I have lived in Japan for 30 years, the last 20 in Kamakura, and before that, 10 in Tokyo. Kamakura was the site of the first shogunate, an upstart government that ruled from 1192 to 1333. The shoguns and later rulers of Kamakura brought in garden designers and Zen philosophers to bolster their legitimacy in their perpetual rivalry with Imperial Kyoto. Long after its days as the capital were over, Kamakura retained an independent serenity as home to many temples and shrines, its environment of wooded hills and seashore continuing to attract philosophers, writers, and artists. I am one of them.

My photogravure etchings are made in limited editions in the Kamakura workshop I started in 1991. For their depth, texture, and tonality, these prints have found their way into numerous public and private collections. They are viewable at the Kamakura Print Collection site, where viewers may select images by mood, texture, ink, paper, Series, size, price, and place.

Because many people consider artwork peripheral to their lives, I started writing views expressing the primacy of vision, compiling examples from my travels and reading of the ways graphic arts enhance everyday life, and vice versa.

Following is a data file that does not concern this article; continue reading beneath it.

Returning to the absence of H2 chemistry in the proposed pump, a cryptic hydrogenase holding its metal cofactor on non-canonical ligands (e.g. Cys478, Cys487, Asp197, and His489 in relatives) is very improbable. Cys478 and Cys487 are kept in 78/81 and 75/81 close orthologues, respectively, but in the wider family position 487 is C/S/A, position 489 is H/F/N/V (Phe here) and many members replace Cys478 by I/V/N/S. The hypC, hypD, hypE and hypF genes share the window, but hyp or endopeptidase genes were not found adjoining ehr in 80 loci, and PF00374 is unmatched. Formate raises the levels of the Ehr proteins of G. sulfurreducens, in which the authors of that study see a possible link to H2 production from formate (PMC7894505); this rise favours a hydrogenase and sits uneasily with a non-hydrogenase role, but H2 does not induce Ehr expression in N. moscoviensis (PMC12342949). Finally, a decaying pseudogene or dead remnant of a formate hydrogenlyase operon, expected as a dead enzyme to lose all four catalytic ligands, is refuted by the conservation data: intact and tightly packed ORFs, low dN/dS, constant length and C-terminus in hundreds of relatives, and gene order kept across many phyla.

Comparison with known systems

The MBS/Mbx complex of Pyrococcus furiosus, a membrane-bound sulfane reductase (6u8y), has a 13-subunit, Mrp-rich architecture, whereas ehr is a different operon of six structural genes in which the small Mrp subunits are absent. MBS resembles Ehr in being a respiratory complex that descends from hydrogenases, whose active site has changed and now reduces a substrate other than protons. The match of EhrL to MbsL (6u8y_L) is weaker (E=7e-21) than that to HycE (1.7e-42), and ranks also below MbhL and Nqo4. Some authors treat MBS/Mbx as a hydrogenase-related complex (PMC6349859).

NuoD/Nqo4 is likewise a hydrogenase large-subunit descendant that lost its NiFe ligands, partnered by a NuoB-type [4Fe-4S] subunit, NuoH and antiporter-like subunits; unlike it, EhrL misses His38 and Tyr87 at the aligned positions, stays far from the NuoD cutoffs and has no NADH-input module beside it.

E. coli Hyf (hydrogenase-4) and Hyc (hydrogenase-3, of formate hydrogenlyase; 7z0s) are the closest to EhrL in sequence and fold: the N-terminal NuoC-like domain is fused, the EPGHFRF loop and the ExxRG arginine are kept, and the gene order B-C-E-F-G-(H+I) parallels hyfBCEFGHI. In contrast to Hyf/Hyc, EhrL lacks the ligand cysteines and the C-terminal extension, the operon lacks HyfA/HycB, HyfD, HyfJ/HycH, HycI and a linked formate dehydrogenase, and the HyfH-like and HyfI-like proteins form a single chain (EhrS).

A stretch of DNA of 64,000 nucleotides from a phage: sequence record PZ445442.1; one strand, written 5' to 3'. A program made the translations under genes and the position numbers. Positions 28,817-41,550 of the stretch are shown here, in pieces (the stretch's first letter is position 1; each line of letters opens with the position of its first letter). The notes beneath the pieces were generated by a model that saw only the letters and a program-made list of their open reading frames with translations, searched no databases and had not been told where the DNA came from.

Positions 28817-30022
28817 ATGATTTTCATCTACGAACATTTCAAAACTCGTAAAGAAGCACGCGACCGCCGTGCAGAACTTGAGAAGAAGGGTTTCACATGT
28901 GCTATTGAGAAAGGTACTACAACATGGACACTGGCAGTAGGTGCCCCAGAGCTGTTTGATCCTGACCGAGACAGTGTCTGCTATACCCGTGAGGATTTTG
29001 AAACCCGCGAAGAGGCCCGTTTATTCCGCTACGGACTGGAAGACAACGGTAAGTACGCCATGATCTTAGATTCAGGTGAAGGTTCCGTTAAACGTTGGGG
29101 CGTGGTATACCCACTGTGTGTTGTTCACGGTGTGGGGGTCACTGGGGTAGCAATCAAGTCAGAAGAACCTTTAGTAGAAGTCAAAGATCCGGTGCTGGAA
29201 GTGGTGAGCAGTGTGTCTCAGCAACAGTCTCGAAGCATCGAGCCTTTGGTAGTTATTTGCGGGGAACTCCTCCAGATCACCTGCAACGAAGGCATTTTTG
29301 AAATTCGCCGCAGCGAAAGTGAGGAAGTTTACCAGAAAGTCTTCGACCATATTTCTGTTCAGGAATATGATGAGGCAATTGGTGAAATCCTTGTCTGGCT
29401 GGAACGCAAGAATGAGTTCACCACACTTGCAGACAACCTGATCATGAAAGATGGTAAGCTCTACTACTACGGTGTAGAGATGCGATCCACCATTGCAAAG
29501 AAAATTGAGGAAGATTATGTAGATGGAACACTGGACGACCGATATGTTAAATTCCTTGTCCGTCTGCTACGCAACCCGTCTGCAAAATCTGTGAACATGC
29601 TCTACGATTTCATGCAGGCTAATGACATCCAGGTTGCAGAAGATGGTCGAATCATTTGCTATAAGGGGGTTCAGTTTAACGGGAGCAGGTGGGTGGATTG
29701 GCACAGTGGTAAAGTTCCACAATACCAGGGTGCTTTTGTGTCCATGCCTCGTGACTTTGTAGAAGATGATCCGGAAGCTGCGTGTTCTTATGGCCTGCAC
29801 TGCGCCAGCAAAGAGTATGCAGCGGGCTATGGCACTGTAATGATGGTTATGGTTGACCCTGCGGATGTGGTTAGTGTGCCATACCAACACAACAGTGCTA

The present blog, the one you are reading now, concerns the ‘cultural commons’ of philosophical, literary, sociological, and scientific, as well as artistic pursuits. I originally came from the United States to Japan for business purposes, then learned the 19th-century technique of photogravure etching and have practiced it in Kamakura since 1991. This trajectory has given me a perspective on both countries, and the rest of the world, that is different from what it would have been had I stayed in America. One of the differences is that the mirrored-self-image of each is for me almost transparent. Seeing through them can be amusing, exasperating, and for readers, I hope, enlightening.


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